The remake of East Washington Avenue into a housing, commercial, and food and entertainment destination continues, with the latest offering closer to Capitol Square.
LZ Ventures is proposing to demolish a series of buildings on the 400 block of East Washington Avenue plus three houses on North Hancock and North Franklin streets for a 10-story apartment building with 160 units, commercial space and underground parking, preliminary documents submitted to the city show.
The proposed building would rise to 10 stories facing East Washington Avenue and drop to eight stories at the rear of the site, the back side appearing as two towers connected by a one-story structure, the documents show. The ground and first floors would provide a total 4,112 square feet of commercial space with a rooftop deck atop the first floor at the rear of the building, and a community room, swimming pool and game room on the ninth floor.
The timing of the project is unclear. LZ Ventures' principals, who could not be reached for comment, are set to have a preliminary meeting with city Planning Division staff this week.
Near East Side Alds. Patrick Heck, 2nd District, and Marsha Rummel, 6th District, have scheduled a neighborhood meeting for 6 p.m. Jan. 30 at St. John's Lutheran Church, 322 E. Washington Ave.
Typically, a formal land use application would follow those meetings.
"Increasing the city's supply of market-rate apartments is one approach to addressing our lack of housing, particularly in highly desirable areas such as the Isthmus," said Heck, who represents the site. "This proposal could help out in that regard. But on the other hand, there is concern about the proposed demolition of several architecturally significant and/or historic homes as well as the potential loss of several multi-flat homes that are currently quite affordable."
Rummel said she hasn't seen plans. She said she understands the need for more apartments but wants to know more about the demolitions.
"I'm always concerned about throwing away old buildings with history," she said. "I'd like to know the condition of the buildings, if they are salvageable and repairable."
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If advanced, the proposal would continue a remarkable transformation of the corridor begun about 15 years ago.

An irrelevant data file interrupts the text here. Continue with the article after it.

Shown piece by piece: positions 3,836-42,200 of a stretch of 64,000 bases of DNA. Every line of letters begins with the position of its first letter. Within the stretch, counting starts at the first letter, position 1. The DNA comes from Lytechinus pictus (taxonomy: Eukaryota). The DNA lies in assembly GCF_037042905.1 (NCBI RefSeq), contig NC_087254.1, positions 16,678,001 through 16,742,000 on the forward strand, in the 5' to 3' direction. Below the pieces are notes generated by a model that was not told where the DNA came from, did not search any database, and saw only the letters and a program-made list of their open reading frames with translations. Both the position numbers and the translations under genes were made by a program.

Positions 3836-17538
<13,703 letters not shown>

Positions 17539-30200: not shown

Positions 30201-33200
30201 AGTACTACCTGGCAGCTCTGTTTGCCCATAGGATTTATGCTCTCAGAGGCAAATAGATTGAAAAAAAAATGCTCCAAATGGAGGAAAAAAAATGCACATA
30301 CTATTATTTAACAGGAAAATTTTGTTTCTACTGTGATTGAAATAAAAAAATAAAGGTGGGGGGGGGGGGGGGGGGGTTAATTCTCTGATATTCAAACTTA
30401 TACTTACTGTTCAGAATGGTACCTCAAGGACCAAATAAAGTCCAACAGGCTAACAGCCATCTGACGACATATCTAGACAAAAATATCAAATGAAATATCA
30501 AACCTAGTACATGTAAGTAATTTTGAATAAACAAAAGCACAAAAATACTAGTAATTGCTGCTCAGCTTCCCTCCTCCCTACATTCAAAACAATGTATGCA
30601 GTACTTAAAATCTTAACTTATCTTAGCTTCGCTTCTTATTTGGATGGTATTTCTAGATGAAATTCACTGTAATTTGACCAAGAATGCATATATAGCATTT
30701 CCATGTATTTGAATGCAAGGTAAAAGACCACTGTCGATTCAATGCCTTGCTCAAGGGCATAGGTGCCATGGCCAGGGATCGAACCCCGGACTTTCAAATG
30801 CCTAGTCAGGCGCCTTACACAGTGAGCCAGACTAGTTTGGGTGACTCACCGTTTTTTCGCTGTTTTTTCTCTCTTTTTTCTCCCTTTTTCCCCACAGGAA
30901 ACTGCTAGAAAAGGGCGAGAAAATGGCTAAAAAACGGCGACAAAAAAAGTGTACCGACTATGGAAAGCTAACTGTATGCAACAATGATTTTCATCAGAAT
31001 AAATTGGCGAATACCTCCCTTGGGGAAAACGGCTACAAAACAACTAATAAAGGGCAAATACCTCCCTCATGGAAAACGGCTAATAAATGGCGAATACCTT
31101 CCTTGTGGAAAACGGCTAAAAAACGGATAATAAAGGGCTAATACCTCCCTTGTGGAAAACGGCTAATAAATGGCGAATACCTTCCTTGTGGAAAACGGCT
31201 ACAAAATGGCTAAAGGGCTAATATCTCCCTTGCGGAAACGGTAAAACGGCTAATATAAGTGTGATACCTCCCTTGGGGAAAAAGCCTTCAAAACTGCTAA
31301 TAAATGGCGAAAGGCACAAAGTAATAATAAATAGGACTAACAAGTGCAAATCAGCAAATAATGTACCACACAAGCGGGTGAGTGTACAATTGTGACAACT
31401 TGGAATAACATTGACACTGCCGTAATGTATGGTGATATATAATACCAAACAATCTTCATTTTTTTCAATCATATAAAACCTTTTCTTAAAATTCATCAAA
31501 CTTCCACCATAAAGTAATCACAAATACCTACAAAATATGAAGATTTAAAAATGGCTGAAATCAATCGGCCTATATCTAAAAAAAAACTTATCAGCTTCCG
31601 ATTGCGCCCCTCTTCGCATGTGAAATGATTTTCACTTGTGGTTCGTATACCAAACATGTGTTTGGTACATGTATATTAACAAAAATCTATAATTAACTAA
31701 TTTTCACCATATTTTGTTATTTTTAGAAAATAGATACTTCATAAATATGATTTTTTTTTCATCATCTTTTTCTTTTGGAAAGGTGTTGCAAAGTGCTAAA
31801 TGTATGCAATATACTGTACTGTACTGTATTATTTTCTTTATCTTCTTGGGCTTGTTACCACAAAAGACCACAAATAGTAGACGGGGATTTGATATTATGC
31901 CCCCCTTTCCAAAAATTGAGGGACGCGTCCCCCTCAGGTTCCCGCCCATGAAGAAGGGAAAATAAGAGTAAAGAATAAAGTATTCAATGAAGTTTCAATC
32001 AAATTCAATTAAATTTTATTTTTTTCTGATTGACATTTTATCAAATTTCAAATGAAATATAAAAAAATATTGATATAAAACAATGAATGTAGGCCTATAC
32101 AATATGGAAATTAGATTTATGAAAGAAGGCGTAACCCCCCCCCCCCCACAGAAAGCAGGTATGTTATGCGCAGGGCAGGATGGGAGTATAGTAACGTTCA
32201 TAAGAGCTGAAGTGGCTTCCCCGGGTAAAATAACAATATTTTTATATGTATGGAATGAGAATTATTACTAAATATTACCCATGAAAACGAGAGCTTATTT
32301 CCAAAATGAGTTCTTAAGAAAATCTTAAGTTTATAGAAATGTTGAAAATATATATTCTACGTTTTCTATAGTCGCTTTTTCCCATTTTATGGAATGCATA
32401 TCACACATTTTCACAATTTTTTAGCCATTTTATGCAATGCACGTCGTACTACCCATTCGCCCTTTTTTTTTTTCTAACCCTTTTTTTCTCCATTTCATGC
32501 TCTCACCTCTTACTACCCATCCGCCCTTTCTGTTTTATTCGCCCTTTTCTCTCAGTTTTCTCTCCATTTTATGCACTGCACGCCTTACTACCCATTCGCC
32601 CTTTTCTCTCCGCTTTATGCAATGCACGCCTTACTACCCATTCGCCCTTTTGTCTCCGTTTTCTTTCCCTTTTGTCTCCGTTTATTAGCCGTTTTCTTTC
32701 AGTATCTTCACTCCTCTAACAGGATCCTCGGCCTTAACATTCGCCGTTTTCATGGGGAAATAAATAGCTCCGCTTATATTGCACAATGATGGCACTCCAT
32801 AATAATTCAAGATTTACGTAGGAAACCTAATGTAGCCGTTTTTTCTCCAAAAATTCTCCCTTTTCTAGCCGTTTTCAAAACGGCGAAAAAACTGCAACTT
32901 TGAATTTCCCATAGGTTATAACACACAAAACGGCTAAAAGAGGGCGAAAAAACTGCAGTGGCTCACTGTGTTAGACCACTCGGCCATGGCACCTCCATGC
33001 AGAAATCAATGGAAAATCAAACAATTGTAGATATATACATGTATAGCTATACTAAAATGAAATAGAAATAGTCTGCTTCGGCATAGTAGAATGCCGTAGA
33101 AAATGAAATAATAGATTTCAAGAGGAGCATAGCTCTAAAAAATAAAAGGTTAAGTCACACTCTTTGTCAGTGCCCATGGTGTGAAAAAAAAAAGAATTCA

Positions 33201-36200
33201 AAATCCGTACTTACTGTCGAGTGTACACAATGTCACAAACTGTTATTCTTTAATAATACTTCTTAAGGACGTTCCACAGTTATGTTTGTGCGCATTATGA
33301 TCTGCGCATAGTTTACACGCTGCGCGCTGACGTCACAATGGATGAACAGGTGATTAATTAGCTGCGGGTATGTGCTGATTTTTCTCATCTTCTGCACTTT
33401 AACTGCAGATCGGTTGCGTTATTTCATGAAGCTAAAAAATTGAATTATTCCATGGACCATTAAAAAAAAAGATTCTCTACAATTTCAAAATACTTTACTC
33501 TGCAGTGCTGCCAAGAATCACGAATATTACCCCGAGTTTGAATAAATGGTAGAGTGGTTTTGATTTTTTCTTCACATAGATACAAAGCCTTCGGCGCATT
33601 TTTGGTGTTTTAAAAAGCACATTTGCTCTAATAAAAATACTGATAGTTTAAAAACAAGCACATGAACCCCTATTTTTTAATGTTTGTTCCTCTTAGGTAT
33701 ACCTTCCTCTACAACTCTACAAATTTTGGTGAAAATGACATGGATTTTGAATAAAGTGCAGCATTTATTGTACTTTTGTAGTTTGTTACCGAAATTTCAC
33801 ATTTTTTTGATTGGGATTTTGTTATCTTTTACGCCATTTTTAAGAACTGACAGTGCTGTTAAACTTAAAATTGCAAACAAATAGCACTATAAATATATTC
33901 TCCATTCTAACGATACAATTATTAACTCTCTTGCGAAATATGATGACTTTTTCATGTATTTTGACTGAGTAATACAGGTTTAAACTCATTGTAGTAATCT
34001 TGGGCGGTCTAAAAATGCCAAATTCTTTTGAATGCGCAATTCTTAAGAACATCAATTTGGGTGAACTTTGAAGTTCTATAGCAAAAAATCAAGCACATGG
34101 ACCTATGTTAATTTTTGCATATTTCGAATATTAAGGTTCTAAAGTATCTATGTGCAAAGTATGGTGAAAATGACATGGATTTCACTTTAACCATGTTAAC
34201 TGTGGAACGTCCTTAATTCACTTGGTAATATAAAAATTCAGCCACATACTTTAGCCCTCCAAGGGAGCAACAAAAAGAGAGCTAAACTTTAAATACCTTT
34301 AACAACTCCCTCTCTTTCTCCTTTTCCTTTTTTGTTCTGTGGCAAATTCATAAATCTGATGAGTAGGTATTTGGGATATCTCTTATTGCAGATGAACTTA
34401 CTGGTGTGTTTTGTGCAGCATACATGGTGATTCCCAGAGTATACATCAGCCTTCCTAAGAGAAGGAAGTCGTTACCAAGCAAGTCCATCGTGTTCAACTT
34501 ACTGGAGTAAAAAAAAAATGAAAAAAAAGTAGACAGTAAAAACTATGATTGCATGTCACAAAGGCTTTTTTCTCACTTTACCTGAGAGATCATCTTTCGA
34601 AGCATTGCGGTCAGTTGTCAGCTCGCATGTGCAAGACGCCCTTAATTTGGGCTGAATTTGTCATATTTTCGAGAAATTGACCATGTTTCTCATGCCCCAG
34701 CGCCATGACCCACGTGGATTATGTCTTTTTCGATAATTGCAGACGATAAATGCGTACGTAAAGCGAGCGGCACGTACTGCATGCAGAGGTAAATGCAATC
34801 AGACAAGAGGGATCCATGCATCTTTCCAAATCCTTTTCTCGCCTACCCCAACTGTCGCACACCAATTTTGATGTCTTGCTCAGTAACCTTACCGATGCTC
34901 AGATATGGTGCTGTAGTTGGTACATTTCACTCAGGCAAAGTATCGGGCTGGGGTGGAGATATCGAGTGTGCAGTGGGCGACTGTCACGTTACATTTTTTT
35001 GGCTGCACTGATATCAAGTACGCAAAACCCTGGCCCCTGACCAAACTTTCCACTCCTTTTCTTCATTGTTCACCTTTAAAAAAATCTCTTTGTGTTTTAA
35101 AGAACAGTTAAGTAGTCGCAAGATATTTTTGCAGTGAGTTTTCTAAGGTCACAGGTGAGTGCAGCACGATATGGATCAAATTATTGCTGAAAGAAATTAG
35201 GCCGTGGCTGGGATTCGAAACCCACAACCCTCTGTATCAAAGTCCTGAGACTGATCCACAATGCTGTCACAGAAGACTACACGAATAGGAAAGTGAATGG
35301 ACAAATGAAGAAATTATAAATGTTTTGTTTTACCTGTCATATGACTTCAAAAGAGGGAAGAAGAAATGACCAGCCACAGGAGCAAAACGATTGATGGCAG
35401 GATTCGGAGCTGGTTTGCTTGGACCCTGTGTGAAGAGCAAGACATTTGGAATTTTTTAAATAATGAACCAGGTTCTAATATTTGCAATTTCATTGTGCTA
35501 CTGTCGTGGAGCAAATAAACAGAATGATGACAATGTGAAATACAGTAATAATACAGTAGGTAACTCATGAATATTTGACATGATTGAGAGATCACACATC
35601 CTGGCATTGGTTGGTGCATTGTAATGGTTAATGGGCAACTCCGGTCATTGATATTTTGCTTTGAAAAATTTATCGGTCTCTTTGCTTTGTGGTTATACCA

The revitalization saw a spark in 2004 when developer Curt Brink and the Korb family transformed the old Buy and Sell Shop, 701 E. Washington Ave., into a trendy entertainment venue that now features the High Noon Saloon, Brass Ring restaurant and pool hall, and the Brink Lounge.
The city and property owners made moves to lay the groundwork for a bigger, bolder renaissance, including the creation of a tax increment financing district in 2005. The city also spent $5.56 million to buy 7.8 acres on the 700 and 800 blocks in 2010.
Otto Gebhardt opened the 12-story Constellation building with 220 apartments and commercial space in 2013, and now the street is lined with high-rise buildings offering housing, commercial space and more -- even a new music venue, the 2,500-capacity Sylvee, which opened in late 2018.
Since November alone:
- Brink has offered a five-story building as the next phase of his massive Archipelago Village that already includes the 144-room Hotel Indigo. Plans for a glassy, 11-story mixed-use tower have already been approved, and he is pursuing plans for a 10-story housing tower, all across the street from Breese Stevens Field on the 900 block.
- The Salvation Army won approval for a $25 million redevelopment to create an expanded homeless shelter and low-cost housing on the 600 block.
- The North Central Group unveiled plans for a six- to nine-story, millennial-focused hotel at 825 E. Washington Ave.
The city must be cautious as it considers the LZ Ventures proposal, which pushes redevelopment toward the state Capitol, Heck said.
"If this proposal moves forward it has the potential to set the tone for the portions of East Washington Avenue that are closer to the Square than where most redevelopment has so far occurred, so it should be evaluated very carefully," he said.